Summary judgment was granted in favor of the Department and against Country Gardens, Inc., under count I on July 13, 1984, and the Department was awarded the sum of $102,968.05. On May 9, 1985, however, the court granted summary judgment on counts II through IV in favor of the corporate officer defendants and against the Department. As grounds for its summary-judgment order, the circuit court held that the Department's claim was time barred because it failed to obtain judgment against the defendant corporate officers within the two-year limitations period specified by the 1981 amendment to section 13 1/2. The court further held that the limitations provision of section 13 1/2, as amended, was procedural rather than substantive in nature and therefore applied retroactively to bar liability by the defendant corporate officers even for taxes which accrued before the amendment took effect. The trial court's order of May 9, 1985, is now before us for review.

The Department contends that the circuit court's interpretation of section 13 1/2 was erroneous and that the limitations period of that statute was satisfied when it commenced its action against the defendant corporate officers within the two-year period, even though their liability was not reduced to judgment within that time. The Department further argues that even if the statute, as amended, required that judgment be obtained within the limitations period, it should not have been applied retroactively so as to bar collection of tax liabilities accruing before the effective date of the statute's amendment in 1981.

• 1 As this court has recently noted, the fundamental rule of statutory interpretation is to ascertain the intent of the legislature and give it effect. (Bauer v. H.H. Hall Construction co. (1986), 140 Ill. App.3d 1025, 1027, 489 N.E.2d 31, 32.) Legislative intent is determined primarily through consideration of the statutory language. (140 Ill. App.3d 1025, 1027, 489 N.E.2d 31, 32.) A court will examine the entire statute, and every part or section should be construed in connection with every other part or section so as to create a harmonious whole. (140 Ill. App.3d 1025, 1028, 489 N.E.2d 31, 33.) At the same time, a court will also seek to determine the objective the statute sought to accomplish and the evils it desired to remedy. Springfield v. Board of Election Commissioners (1985), 105 Ill.2d 336, 341, 473 N.E.2d 1313, 1315.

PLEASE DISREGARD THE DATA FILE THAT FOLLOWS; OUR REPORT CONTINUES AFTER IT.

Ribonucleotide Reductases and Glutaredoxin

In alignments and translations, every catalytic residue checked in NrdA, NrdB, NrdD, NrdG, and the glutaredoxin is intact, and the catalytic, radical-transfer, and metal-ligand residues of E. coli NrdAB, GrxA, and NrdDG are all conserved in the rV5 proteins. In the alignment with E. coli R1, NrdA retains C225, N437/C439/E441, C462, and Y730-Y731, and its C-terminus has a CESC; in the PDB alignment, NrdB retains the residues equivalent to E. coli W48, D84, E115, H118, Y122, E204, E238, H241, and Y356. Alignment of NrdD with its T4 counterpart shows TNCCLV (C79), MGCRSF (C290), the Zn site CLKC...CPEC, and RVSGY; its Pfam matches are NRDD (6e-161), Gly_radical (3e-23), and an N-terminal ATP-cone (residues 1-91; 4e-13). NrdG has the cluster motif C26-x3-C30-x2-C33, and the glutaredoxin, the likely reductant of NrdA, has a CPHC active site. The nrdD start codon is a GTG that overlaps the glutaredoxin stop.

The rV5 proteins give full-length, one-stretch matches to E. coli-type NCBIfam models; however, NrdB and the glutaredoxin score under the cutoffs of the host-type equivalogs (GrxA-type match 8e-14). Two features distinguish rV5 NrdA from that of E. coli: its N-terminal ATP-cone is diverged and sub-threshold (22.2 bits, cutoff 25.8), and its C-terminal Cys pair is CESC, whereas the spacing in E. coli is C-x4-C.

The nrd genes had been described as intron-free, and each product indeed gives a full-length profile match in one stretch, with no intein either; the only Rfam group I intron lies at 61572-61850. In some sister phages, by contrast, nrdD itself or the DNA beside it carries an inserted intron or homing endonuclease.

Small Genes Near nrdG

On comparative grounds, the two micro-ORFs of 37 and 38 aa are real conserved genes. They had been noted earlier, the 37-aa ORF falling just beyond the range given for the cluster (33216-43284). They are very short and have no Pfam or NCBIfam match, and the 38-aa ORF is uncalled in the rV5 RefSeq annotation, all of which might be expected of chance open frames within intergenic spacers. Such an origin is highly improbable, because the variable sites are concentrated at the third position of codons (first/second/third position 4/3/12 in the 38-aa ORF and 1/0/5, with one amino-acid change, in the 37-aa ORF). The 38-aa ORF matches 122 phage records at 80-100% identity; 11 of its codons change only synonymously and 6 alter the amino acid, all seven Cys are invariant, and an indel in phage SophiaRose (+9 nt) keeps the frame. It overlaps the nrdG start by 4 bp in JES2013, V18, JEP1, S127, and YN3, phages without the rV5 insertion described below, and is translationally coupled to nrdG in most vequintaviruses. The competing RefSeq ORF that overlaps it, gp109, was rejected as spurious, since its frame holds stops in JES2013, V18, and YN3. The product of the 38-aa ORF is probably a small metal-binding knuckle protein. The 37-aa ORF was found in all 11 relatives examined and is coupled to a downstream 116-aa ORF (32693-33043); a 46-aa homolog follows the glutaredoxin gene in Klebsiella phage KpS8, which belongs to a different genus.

• 2 Section 13 1/2 provides an exception to the general rule that officers or employees of a corporation are not individually liable for corporate debts or tax obligations (see Department of Revenue v. Joseph Bublick & Sons, Inc. (1977), 68 Ill.2d 568, 577-78, 369 N.E.2d 1279, 1284 (Moran, J., concurring)) and allows for the collection of retailers' occupation tax against such officers or employees when the corporation liable for the tax is unable to pay. The purpose of this statute is to provide "`responsibility for the stewardship of the funds collected from the public for the State.'" (Department of Revenue v. Heartland Investments, Inc. (1985), 106 Ill.2d 19, 28, 476 N.E.2d 413, 417, quoting Department of Revenue v. Joseph Bublick & Sons, Inc. (1977), 68 Ill.2d 568, 576, 369 N.E.2d 1279.) Without it, corporate officers could employ those funds to pay corporate obligations as well as salaries and bonuses to employees, and thus make recovery of the funds from a defunct corporation an impossibility. Department of Revenue v. Joseph Bublick & Sons, Inc. (1977), 68 Ill.2d 568, 575-76, 369 N.E.2d 1279, 1283.